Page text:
Mérida, 21th March 2014 (Venezuelanalysis.com) – The Organisation of American States (OAS) has voted not to hear Venezuelan far right legislator Maria Corina Machado discuss the situation in her country. However there are reports she was able to speak later in the session, but not on Venezuela as an agenda item.
Machado had been offered Panama’s seat at the regional organisation to testify on ongoing disturbances in Venezuela, during a meeting today in Washington.
Machado is a fierce critic of the government who signed a decree backing a 2002 coup against the current Venezuelan president Nicolas Maduro’s predecessor, Hugo Chavez.
Earlier this week, Venezuela’s National assembly called for criminal charges against Machado, in relation to her role in recent violent protests.
According to EFE, 22 countries voted against allowing Machado to speak on Venezuela, with three in favour and nine abstentions.
The decision was welcomed by Venezuelan foreign minister Elias Jaua, but condemned by some representatives, including those from the US and Panama.
“Some people out there asking the intervention of the homeland, I think the yankee-lovers are defeated again,” Jaua stated, according to Telesur.
Earlier today, the OAS also voted to close the session to the press. 22 countries voted in favour of the move, which was proposed by Nicaragua. 11 opposed the decision, with one abstention from Barbados.
Venezuela, Brazil, Uruguay, Argentina, Bolivia, El Salvador and every Caribbean country except Barbados backed the move.
According to AFP, Brazil’s ambassador stated the “objective of this meeting is not to turn itself into a circus for an outside audience as some representatives have shown they want to do”.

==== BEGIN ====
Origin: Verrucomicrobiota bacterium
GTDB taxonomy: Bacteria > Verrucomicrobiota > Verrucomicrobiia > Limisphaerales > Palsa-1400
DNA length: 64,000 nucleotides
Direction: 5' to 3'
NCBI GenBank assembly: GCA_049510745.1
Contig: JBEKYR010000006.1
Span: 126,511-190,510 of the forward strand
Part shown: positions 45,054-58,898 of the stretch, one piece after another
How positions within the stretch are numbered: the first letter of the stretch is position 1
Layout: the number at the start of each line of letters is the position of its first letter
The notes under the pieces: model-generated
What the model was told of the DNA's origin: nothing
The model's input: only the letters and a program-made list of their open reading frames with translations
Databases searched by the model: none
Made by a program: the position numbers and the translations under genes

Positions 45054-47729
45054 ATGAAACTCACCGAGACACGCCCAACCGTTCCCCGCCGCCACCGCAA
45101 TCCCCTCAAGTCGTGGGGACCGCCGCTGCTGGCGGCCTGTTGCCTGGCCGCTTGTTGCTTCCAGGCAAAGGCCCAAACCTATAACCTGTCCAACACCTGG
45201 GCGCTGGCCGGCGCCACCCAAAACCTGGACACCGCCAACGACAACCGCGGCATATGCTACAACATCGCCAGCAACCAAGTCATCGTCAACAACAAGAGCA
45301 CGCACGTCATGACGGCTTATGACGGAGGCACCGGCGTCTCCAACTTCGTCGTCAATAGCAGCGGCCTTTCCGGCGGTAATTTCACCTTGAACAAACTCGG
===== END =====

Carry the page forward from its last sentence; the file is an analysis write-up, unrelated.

Machado criticised the decision, claiming Maduro is “trying to prevent Venezuela’s voice from being heard and listened to”.
“If anything has been clarified with today’s action is that they fear that Venezuela’s reality might be disclosed,” she argued, according to El Universal.
“They fear that the magnitude of what is happening in Venezuela might be known,” she added.
Earlier this month the OAS ruled out intervention in Venezuela, instead calling for dialogue between Maduro’s government and the opposition. The declaration in favour of dialogue was backed by 29 member states, with only the US, Canada and Panama voting against it.
Despite criticism of the declaration from the three dissenting voters, Jaua described the rejection of OAS intervention as a “victory”.
Maduro has previously stated he would prefer talks through the Union of South American Nations (UNASUR). On 12 March, UNASUR backed Maduro’s peace conferences, which have been boycotted by most of Venezuela’s political opposition.
Next week, representatives from member states of UNASUR will meet in Caracas to form a commission to support the peace conferences. The commission will be headed by UNASUR’s pro tempore president, Suriname. According to a resolution from the regional body, the initiative aims to promote dialogue between all “political forces and social sectors, in the pursuit of reaching agreement that leads to understanding and social peace”.
UPDATE 22/3/2014: There are reports today that Machado was allowed to speak briefly later in the session. The Wall Street Journal paraphrases an unnamed OAS official as stating Machado was able to speak on “ad hoc” issues, but Venezuela wasn’t an agenda item.